Understanding your cat’s chat

Many pet owners would admit to having lengthy conversations with their animals. They are great listeners, and they can’t spill any secrets! Unfortunately they can’t talk back to us in words, but their bodies say a lot. Animaltalk helps you get the message.

The cat kiss

Has your cat ever given you an intense stare, and then slowly blinked her eyes? This might look intimidating, but it’s just the opposite. Your cat isn’t planning your demise, she is actually giving you some love and telling you that she is feeling comfortable and that she trusts you. [According to some sources you can ‘answer’ to this by giving your cat a slow blink in return. Animaltalk can confirm from experience that experimenting with this might not get any reaction from your cat, but you will get laughed at by other members of the household. Ed]

Rubbing against you

Your cat approaches you and with an elaborate movement rubs her head against you. No doubt this behaviour makes you feel loved! And it does mean she loves you, but more in a you-belong-to-me than in a you-are-awesome kind of way. By rubbing herself against you, your cat is getting her scent onto you, marking you as her territory. This is why she also rubs herself against other items in her surroundings. And here you thought your house belonged to you!


This one is all too familiar. Your cat is relaxing on your lap when she starts to knead you with her paws. Her nails might make a (painful) appearance, but she is looking so relaxed that you just don’t have the heart to disturb her! This behaviour comes from when she was a kitten, massaging her mother’s teats to get the milk flowing. If she does this to you she is indeed feeling happy – experiencing the kind of comfort that can only come from a mother!

Funny cat face

This behaviour is also seen in the wild, as demonstrated by the lioness in this picture. And while it does look pretty funny, the technical term for it is the ‘Flehmen response’. This is when your cat sniffs something, then opens her mouth slightly while curling back her lips and squinting her eyes. This might make it look like she smelled something atrocious! By doing this your cat uses her Jacobson’s organ, an organ on the roof of her mouth connected to the nasal cavity. This way she can smell the object even better, in order to gain more information about it.

The stare

While the slow blink shows affection, direct eye contact is not so pleasant for your kitty. You know how cats tend to prefer that one person in the group who is not so much a cat person? It’s because that person is the one who is not staring at the cat, and thus the one she will find the least threatening. Wide open eyes along with dilated pupils can indicate that your cat is really not comfortable with something in her surroundings.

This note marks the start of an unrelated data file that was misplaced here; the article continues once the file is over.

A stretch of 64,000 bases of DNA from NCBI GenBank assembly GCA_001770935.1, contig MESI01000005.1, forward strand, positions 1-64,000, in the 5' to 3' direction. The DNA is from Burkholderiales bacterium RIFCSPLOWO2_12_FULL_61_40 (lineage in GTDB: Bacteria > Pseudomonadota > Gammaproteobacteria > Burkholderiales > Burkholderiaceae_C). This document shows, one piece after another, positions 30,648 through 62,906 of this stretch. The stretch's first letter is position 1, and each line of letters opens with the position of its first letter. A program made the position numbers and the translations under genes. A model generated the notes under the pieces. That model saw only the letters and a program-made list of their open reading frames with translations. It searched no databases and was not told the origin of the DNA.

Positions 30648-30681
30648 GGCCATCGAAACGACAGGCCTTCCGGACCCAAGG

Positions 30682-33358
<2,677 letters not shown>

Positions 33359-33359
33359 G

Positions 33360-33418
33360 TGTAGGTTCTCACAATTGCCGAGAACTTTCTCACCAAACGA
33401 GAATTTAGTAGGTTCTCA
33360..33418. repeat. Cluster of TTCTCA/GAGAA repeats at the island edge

All of a sudden your cat’s fur seems to puff up and she crouches her back, making herself look larger and more threatening. Her ears are flat against her head, and her whiskers stiff, pointing to the front. If you are still unsure of what’s going on, the hard look in her eyes will definitely point you in the right direction! The message is pretty clear: “I am very angry, so back off!”

Tail talk

Your cat’s tail can give you a good indication of the mood she is in. When your cat is acting like a happy dog, in other words wagging her tail, she is not happy at all. If the tail is moving back and forth swiftly, your cat is irritated, and if the tail is moving slower she is still deciding how she is feeling about a given situation. A relaxed, upright tail shows a cheerful, relaxed cat who is happy to see you!


If your cat is a ‘talker’, her vocalisations can go a long way in helping you understand her. Apart from the ‘normal’ meow which is fairly neutral (some cats do this just to say hi!), cats are known to make endearing ‘chirping’ noises. Interestingly, these vocalisations are used by mother cats to tell her kittens to follow her. If she does this with you, try following her! Chances are she might lead you to her food bowl.

If your cat utters long, drawn-out meows, she might be trying to tell you that something is wrong, or maybe that she’s stuck in a closet somewhere! In unsterilised cats this is part of mating behaviour – and let’s be honest, it’s not a nice sound to wake up to in the middle of the night. Just another reason why sterilisation is a must.


Your cat can show relief after a stressful situation – like going to the vet. Next time, observe how she acts upon getting back home. She might fully stretch out to release tension, while all parts of her body visibly relax. If she does these things, while also settling down for a nice grooming session, you might soon be forgiven for that trip to the vet.


Get The Latest Updates

Subscribe To Our Monthly Newsletter

No spam, notifications only about new products, updates.
On Key

Related Posts

The African serval

Africa’s leggy beauty: The African serval is a proficient hunter – able to run, pounce on and secure his prey

Q & A: Calling me?

Q: Why do dogs sometimes just ignore us when we call their names, although there is nothing wrong with their hearing? A: This is quite